The showcase of horses took place from noon until 2pm, and was followed by two demonstrations of riding styles. "We like in these RRTP clinics to show sport horse people just how balanced and tactful a good exercise rider or jockey must be, and how happily the horses go when it's done right," said Steuart. And that is exactly what the crowd saw.
Alex Brown and Jennifer Paxson rode in their exercise saddles while trainer Tim Woolley, whose wife Penny organized the show the following day, and Derby-winning ex-jockey Ronnie Franklin offered commentary. Franklin's advice to prospective exercise riders and jockeys was, "You have to really like horses, and to be good at it they have to like you." Woolley was clear that he likes the riders who keep their hands down and can settle a horse's nerves.
Jennifer Paxson demonstrated consistent and clean flying changes on a horse she had never ridden who had not been asked to do them since his racing days. Alex Brown demonstrated the importance of the yoke before passing his horse in racing tack on to a very accomplished show rider who suddenly felt out of her element.
Then six game riders who had presented horses in the marketplace shortened their stirrups "as short as you dare" and trotted and cantered around the arena as Tim and Alex coached them into that sweet spot over their feet and their hands to a stable bridge. Spectators laughed freely and sympathetically as some riders struggled and others showed off skills that they hoped would land them a job in Woolley's Fair Hill training operation.
The riders were then allowed to put their stirrups back to a more comfortable length as Steuart Pittman took over the microphone for a session on transitioning ex-racehorses to second careers. A major focus was on using the balance, stillness, and quiet hands of a good exercise rider when encouraging an impulsive or nervous horse to settle into the rhythm from which it can learn.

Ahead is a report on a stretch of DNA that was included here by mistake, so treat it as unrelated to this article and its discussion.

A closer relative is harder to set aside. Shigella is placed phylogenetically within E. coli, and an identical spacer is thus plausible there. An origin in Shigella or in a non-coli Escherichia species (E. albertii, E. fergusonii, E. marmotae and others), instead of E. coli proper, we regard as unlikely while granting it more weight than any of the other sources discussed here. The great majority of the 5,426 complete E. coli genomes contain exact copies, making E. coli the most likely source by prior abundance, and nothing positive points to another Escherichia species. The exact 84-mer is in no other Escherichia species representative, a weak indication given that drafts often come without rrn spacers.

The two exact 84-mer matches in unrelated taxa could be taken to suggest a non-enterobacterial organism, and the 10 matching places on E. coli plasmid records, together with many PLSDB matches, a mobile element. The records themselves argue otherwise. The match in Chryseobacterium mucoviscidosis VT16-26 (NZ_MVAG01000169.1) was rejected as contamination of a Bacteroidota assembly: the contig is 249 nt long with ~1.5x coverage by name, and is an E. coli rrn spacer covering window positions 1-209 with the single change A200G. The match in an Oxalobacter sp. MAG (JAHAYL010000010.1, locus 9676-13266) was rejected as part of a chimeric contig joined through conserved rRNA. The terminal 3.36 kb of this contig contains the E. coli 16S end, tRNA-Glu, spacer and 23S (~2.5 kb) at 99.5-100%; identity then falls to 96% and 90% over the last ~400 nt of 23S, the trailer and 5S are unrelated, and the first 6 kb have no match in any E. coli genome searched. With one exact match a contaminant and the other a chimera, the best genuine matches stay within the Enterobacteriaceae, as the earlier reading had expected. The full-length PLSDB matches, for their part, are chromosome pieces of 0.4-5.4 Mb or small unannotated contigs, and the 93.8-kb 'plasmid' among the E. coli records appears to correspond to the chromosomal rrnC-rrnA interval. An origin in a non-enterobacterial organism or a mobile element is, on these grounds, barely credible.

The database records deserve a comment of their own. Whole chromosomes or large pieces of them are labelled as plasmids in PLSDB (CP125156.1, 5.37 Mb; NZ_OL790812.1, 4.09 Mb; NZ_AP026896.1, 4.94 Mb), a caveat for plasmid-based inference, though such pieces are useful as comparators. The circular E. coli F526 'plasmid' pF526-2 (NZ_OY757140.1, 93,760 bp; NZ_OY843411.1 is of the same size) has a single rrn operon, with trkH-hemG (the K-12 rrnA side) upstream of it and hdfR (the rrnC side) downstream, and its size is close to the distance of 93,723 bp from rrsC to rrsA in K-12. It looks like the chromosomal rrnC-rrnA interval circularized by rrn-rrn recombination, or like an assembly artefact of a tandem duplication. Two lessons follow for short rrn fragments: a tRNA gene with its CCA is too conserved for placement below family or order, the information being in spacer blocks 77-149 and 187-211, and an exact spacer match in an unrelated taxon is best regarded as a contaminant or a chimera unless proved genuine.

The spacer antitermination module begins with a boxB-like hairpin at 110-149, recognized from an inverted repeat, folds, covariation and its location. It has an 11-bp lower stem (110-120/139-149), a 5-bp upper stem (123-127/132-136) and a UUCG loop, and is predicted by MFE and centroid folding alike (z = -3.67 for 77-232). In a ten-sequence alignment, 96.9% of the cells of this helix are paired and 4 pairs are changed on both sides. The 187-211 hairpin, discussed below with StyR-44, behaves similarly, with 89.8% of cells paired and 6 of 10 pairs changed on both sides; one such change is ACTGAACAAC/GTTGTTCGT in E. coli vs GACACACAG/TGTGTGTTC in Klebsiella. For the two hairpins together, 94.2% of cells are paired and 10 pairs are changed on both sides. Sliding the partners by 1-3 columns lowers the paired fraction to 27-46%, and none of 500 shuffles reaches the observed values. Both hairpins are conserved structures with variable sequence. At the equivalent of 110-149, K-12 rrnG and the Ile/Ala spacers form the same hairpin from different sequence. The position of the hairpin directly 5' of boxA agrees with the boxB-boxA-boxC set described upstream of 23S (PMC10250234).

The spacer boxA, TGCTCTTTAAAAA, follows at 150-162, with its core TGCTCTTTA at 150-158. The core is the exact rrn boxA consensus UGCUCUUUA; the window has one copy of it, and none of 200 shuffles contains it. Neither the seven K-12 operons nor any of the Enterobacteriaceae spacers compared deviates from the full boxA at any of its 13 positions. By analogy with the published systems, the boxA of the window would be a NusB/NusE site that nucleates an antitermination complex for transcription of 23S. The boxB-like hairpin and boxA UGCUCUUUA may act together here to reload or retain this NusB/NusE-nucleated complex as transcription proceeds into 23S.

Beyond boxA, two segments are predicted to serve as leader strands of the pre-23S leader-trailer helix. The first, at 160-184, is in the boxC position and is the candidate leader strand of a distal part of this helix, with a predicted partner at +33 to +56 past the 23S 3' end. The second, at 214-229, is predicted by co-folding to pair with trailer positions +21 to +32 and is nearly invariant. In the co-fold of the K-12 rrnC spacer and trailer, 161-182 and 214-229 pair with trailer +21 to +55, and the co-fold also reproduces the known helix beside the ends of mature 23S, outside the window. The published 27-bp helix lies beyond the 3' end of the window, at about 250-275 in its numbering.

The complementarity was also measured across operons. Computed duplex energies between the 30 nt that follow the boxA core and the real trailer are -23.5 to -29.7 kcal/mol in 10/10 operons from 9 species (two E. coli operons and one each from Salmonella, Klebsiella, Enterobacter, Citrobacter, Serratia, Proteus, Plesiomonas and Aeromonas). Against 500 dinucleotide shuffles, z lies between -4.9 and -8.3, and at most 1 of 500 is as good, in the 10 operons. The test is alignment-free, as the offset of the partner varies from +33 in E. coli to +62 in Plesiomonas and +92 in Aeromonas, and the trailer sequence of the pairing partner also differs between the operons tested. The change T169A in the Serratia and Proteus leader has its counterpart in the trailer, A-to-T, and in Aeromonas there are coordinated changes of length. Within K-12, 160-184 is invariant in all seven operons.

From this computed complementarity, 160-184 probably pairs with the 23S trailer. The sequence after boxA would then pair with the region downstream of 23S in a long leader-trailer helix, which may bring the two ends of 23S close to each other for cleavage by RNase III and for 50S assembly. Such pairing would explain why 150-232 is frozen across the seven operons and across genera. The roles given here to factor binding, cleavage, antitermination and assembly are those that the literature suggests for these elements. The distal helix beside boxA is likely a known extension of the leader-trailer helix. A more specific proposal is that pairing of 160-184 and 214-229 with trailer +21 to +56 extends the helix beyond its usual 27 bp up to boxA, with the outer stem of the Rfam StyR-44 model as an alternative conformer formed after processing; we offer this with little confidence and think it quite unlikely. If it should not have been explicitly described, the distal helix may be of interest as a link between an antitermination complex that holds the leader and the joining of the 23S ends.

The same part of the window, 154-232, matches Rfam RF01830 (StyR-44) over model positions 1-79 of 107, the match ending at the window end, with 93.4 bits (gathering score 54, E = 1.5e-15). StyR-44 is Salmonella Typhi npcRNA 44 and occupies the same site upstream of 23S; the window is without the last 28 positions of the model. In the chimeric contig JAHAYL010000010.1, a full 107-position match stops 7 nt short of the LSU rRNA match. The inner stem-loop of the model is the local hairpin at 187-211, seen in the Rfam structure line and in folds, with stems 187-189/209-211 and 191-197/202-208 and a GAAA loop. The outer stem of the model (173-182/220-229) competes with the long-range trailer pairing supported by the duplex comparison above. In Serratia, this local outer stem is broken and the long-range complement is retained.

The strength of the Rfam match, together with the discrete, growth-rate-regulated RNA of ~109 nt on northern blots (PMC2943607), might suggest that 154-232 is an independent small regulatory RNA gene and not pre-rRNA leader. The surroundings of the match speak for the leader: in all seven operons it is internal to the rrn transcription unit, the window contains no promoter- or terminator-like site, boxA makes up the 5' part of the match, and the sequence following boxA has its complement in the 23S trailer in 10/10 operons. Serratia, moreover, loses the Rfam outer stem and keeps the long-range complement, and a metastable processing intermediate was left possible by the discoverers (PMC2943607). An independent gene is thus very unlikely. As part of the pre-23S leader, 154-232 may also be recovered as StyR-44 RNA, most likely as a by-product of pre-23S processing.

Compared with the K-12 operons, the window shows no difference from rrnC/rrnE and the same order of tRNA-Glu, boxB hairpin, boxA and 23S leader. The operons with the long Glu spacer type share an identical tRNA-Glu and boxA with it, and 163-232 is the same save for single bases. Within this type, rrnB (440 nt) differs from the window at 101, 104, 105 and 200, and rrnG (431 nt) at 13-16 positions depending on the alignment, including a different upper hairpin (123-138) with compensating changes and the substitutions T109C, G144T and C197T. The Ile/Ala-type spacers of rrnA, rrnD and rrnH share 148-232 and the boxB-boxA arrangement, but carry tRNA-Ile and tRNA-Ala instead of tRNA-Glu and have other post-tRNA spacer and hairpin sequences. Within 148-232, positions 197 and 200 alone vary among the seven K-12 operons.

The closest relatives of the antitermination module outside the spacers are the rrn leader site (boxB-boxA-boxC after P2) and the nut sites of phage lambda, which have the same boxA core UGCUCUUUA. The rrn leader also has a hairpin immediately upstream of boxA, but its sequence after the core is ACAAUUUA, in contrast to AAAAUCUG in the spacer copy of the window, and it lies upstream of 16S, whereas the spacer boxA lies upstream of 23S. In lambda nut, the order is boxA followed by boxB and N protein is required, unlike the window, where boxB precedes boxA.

Matt Martinez, a working student at Pittman's Dodon Farm Training Center, was asked to jump a horse in the exercise tack without lengthening his stirrups. "Matt has less hours on a horse than anybody else out here by far, but more hours on the side of a mountain with a snowboard under his feet," explained Pittman. "Watch how easy it is for him to maintain his balance over his feet and how little he moves before, during, or after the jump." His horse responded by cantering the fences in a rhythm that might have won him a hunter class in Sunday's horse show.
Local eventing professional Tracey Bienemann demonstrated on the flat and over fences with her Geoni, a four year old who raced last October and just won his first horse trials at the Training level with a dressage score of 70% over jumps at 3'3". Pittman reminded the audience that not all of us have the skills to move a horse along that successfully, but that it is commonplace among the best riders in the sport of eventing. That, he said, is why people like Tracey can pay their bills transitioning ex-racehorses to new careers. "The horses have raced, so their bodies and minds are accustomed to the work. They key to increasing the horse's value is outstanding training."
The session ended with two very happy young ladies riding two famous ex-racehorses. Tate Pearce Williams is the proud owner and rider of Solidify ("Dai-O"), the Fingerlakes racehorse who was sent to MidAtlantic Horse Rescue and then entered in the RRTP Trainer Challenge at the start of 2012. He was trained during the challenge by Tiffany Cattledge of Middleburg, VA.
Susan Trumpler now owns Four X The Trouble ("Tempyst"), the youngest horse in the RRTP Trainer Challenge who was trained by Kerry Blackmer of Frederick, MD and presented by Robyn Cobblyn.
Steuart commented on the strengths and weaknesses of each horse as they worked on the flat, jumped through a grid, and schooled a vertical and an oxer. Nobody could deny that these were happy partnerships with lots of potential. Both horses had already competed in lower level eventing and the riders have lofty goals for them.